Documentary Tube on YouTube has digitized an excellent early video documentary discussing the newest hi-fi invention of the time: stereo! In this 4-minute video, the narrator compares mono with stereo recordings on vinyl. Worth checking out!
Applied Science over at YouTube has a great video about adding a capture capabilities to a vintage scanning electron microscope, including some great videos of that instrument in action. Check it out:
This Creek 4140 S2 amplifier is a bit newer than most through the shop, although it’s getting up there. This particular one was constructed in 1989, and came via eBay from the UK configured for 220V power. The owner wanted it checked out and converted over to a U.S. power supply.
It’s an unassuming little amplifier, delivering 30W per channel at 0.1% THD. Inside, it’s pretty simply built but very clean. The shop has a universal power transformer that accepts nearly every plug style in both voltages, so it was easy to check out. The amplifier “worked”, although you had to crank the volume all the way up to maximum – the signal was getting attenuated along the way but it was still passing all the way through.
Because of the small number of capacitors in this unit, I recommended they all be replaced, and found that two of the small signal capacitors had gone very low in value towards being open. With the capacitors replaced, the unit came to life on 220V just fine.
The owner supplied a 120V transformer for this amplifier to swap. Theoretically, according to the schematic, the transformer has a split primary which can be wired in series or parallel for either voltage, but in practice there was no sign of the extra taps, so it was just a direct swap-over.
Transformer leads are enameled wire, which needs to be scraped down to the bare copper in order to take solder. Then the leads were joined back to the same colors.
Finally, it was time to swap the plug with a U.S. fitting.
Time for some testing! The Creek 4140 S2 is rated for 20 Hz – 20 kHz, with 0.1% THD at 1 kHz. How’d it do? The Audio Precision System One analyzer gave some insight. Frequency response from 20 Hz – 20 kHz was flat +/- 1 dB, which is fantastic.
On the extended range frequency response test, the actual -1 dB point was at 20 Hz on the low end and 30 kHz on the high end; +/- 3 dB at 10 Hz and 60 kHz. The channels are slightly imbalanced, even after bias adjustment, but not enough to worry about tracking down.
The amplifier delivered < 0.07% THD at 1 kHz, and overall had acceptable distortion performance.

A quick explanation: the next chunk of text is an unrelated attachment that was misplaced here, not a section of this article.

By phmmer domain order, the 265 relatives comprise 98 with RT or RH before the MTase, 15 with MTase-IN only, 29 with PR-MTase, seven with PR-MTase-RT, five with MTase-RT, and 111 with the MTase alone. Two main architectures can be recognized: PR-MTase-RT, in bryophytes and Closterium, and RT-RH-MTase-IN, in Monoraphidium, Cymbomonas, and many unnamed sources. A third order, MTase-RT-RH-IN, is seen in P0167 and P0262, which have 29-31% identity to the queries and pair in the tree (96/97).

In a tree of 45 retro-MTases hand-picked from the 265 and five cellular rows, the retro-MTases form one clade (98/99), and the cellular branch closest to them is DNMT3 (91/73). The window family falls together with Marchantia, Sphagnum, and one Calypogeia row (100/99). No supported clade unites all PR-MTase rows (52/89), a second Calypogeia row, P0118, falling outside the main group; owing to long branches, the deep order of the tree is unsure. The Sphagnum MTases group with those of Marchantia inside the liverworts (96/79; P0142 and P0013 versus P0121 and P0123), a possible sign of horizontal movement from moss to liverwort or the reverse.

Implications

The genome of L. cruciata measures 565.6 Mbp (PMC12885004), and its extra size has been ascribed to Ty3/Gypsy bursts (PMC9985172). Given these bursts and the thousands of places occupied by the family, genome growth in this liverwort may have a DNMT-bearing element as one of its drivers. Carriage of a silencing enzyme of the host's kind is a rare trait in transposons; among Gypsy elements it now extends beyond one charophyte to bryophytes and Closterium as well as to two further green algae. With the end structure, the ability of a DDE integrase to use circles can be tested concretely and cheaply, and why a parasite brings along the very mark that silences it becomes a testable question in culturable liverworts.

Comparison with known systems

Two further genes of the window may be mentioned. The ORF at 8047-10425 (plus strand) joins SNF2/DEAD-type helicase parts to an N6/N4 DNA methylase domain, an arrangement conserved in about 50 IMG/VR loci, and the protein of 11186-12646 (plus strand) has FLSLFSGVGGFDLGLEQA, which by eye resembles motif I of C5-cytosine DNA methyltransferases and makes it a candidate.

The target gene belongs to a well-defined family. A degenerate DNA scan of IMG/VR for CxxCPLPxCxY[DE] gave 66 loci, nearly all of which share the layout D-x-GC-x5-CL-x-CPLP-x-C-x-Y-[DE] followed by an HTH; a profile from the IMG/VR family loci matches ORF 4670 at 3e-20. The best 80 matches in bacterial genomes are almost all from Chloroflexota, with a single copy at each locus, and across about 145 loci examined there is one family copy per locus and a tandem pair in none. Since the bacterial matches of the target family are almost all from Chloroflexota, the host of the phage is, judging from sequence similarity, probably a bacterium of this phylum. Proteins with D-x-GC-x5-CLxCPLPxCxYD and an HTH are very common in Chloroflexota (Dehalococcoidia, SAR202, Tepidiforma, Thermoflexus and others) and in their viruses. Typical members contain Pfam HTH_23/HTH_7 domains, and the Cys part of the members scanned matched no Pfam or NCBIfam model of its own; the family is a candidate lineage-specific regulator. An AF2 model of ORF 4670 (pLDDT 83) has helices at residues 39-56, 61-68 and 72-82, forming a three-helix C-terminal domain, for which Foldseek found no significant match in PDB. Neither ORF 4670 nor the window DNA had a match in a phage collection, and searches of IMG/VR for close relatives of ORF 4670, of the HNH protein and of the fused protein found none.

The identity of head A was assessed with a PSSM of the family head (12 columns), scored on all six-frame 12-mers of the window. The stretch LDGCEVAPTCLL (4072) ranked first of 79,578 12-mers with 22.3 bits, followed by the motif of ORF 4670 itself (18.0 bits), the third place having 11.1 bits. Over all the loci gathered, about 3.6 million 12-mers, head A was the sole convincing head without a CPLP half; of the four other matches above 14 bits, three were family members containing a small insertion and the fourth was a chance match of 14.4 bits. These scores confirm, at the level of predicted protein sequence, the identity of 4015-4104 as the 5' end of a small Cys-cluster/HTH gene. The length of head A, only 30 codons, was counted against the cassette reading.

Quite a few parts came out of this one!
A listening test proved this little amp sounded great, and so it was time to clean up and send it home.
I’ve added a new analysis system to my stereo bench…the Audio Precision System One.
Amplifier measurements just got a whole lot more precise.
Something a bit unusual came through the shop recently, an old tube-type Fisher FM-100-B Stereo FM tuner.
Anyone who knows classic tube audio knows Fisher, and the FM-100-B sure lives up to the name. It’s a 12-tube FM/MPX Only tuner with a solid-state rectifier, designed to mate with a similar line of pre- and main amplifiers. These were occasionally found standalone, and also built into wide stereo consoles.
Some of the Fisher’s great FM performance came from the “Golden Cascode” 6DJ8 RF amplifier stage on the front end. You can’t have great-sounding stereo without a strong input signal, and the Fisher’s input stage delivers.
The rest of the tubes are 6AU6s, 12AX7s and 12AT7s primarily. Underneath, there’s a lot going on:
The owner wanted a recap and alignment, reporting that while it had been working the last time he used it, it wasn’t sounding great. There’s a handful of dipped capacitors, along with the power supply electrolytics, which needed a good going-over. Where possible, I replaced 0.5-1 uF electrolytic capacitors with film for longevity.
Next, on to the power supply. It’s a set of 4 x 40 uF capacitors in a can. I’ve selected a set of top of the line Nichicon capacitors with a 10,000 hour minimum lifetime and ripple tolerance about double what this set will experience. First step was to attach some terminal strips to mount the new caps:
By using terminal strips in this fashion, it’s easy to just move the components over to the new tie points and easily preserve the wiring layout with a minimum of disruption. A second strip on the other side finishes out the set of 4 caps:
The replacement is finished off by clipping the now-useless terminals from the can capacitor, so it will never be used again:
After the first power-up, though, there was no sound. Time to check the tubes:
Found a dead 6AU6! That would do it, no signal was making it past the final demodulation step. A replacement fixed it right up. Then, on to the alignment.
First step was to reset the output level to 0 dBm (0.77V).
Then it was time for the alignment, by adjusting the cores for minimum distortion: